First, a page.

Star (Sasha Lane), a teenage girl with nothing to lose, joins a travelling magazine sales crew, and gets caught up in a whirlwind of hard partying, law bending and young love as she criss-crosses the Midwest with a band of misfits (synopsis taken from IMDb)
I’ll be the first to admit it: I’m not a fan of overly long films. It’s rare that when I watch a film that crosses anywhere over the two hour mark, I sit back in my chair as the credits roll and opine: “well, every minute of that was completely necessary!”
It’s not because I’m a lazy film watcher. I just think stories benefit from being told at a certain pace, that having a restriction of, say, 90 minutes of screen time is a useful limitation for directors (see: Ingmar Bergman) who want to convey their message cleanly and subtly but still keep the audience engrossed from start to finish.
In many cases, the ‘coming of age’ movie gets away with having a lengthier run time, requiring the extra minutes in order to accurately convey the kind of complex changes happening within the protagonist during their long struggle into adulthood. In the case of American Honey, I barely noticed how long the film was (it clocks in at 2hrs 43mins) until it was nearly over, and this is surely a testament to how artfully director Andrea Arnold tells the story of its teenage misfit, Star.
Arnold manages to take a subject which (in my opinion) has been somewhat overdone by the movies – teenagers partying and having sex and breaking various laws – and make it utterly captivating, carving texture and meaning into every frame and pulling us into Star’s journey across the American Midwest with effortless ingenuity.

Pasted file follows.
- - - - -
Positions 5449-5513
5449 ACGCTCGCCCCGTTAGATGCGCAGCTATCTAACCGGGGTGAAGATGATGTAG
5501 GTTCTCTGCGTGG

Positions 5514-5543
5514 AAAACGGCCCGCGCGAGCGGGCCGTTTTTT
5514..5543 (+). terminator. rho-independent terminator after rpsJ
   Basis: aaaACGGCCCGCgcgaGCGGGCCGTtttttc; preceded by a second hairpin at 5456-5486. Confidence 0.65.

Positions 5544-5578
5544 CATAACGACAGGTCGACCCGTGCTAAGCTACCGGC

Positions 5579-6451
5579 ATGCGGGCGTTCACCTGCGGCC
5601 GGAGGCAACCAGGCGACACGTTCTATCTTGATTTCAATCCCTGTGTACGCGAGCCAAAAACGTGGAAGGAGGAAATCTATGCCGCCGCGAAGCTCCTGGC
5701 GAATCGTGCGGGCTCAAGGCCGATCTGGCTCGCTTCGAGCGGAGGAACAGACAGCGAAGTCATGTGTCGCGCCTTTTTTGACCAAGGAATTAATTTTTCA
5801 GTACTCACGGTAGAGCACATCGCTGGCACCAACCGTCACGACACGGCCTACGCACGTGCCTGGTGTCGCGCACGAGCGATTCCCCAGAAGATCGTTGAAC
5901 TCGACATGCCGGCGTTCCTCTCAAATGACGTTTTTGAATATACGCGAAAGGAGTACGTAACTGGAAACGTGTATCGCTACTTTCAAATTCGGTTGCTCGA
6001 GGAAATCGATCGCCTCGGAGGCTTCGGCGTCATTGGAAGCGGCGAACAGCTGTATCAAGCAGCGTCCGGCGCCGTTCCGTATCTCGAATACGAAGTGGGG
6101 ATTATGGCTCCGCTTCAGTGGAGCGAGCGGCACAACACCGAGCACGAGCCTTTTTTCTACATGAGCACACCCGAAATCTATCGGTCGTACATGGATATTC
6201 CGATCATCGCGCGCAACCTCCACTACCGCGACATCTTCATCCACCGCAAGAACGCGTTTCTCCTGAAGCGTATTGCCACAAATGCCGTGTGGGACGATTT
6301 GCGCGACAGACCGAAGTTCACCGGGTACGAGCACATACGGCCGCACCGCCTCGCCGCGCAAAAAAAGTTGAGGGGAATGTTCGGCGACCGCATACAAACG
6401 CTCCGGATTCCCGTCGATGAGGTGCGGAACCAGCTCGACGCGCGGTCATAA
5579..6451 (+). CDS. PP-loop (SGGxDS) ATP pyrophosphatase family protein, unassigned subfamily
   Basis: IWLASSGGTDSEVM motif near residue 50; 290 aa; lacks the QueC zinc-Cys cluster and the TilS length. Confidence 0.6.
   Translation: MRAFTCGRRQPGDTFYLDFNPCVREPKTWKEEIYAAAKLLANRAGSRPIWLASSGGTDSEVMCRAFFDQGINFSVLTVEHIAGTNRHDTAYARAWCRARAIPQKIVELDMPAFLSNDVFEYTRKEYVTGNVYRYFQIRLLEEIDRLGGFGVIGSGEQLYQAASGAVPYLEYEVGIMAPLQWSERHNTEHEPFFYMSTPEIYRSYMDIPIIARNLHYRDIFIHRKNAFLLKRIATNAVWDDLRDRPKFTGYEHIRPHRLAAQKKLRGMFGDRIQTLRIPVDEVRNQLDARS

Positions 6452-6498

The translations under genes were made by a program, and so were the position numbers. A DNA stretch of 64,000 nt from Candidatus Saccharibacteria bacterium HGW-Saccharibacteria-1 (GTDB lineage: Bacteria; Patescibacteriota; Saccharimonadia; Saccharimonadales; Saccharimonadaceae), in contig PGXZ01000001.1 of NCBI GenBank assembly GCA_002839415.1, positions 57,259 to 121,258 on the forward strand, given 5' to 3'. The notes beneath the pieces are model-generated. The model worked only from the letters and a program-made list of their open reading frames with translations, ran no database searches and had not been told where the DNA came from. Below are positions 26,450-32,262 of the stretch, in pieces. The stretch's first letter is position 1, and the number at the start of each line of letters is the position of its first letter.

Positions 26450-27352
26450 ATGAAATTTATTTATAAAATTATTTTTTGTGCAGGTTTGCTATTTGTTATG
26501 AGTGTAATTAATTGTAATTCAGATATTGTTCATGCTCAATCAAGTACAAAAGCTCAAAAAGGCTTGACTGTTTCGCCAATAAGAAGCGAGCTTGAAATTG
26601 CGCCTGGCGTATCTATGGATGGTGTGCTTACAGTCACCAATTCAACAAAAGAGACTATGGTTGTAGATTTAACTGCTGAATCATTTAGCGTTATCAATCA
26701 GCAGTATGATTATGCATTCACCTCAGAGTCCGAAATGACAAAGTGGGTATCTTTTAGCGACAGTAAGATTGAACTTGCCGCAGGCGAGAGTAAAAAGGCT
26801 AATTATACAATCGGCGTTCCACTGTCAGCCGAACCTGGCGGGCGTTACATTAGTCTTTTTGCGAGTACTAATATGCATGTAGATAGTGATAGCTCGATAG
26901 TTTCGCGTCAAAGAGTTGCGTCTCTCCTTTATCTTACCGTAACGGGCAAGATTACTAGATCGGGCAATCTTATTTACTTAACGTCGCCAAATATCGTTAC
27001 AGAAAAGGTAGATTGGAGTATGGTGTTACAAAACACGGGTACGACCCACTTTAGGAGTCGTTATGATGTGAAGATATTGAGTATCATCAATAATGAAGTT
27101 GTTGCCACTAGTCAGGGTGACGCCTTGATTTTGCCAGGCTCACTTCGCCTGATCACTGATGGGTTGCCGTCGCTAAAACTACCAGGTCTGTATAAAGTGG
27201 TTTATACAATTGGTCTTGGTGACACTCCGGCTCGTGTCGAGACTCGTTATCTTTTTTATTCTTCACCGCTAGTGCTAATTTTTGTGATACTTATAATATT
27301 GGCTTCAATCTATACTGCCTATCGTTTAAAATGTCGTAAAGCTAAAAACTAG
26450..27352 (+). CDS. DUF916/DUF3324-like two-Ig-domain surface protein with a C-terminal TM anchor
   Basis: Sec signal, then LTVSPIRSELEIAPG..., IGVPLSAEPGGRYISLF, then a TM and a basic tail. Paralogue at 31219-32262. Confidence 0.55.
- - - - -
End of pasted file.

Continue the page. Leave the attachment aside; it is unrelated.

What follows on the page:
Part of Arnold’s technique is to find beauty in the smallest of moments; from a bug crawling up a wall (a symbol of Star’s own inability to ‘fly’) to a gummy bear stuck on a car window. Aesthetically, the camera is set to ‘handheld Polaroid-chic’ and makes use of naturalistic light wherever possible, making it feel wistfully nostalgic despite its present-day setting. This combined with the cast of relatively unknown actors, much of the time improvising their lines, gives the film its own special kind of sublime realism.
It wouldn’t be a teen drama without a ‘first love’, a narrative element that’s already rich with emotion and the potentiality for disaster, but is especially alluring thanks to the eruptive chemistry between Sasha Lane and Shia LeBouf’s Jake. The scenes between the two of them positively melt off the screen, and their magnetic performances are the film’s core. Lane was unknown before starring in this, and her inexperience works in her favour; her facial expressions are natural, and her combined grit and vulnerability has an authenticity that makes her ultra-watchable.
The other main theme which runs through the film (and is present in all of Arnold’s work) is class divide; the sales crew travels through the wealthiest and most poverty-stricken neighbourhoods, seizing on any opportunity to make money regardless of the moral implications in their methods. Although the film is underscored by marked social and economic inequality which is present in every scene, it’s not overwhelmed by it, this being a story that is focused more on Star’s inner journey and eventual blossoming.
The film’s final moments are some of the most quietly beautiful and sensual of the movie, and the story is left open, with Star emerging from the water triumphantly, having matured through the trials of pain and love and everything in between.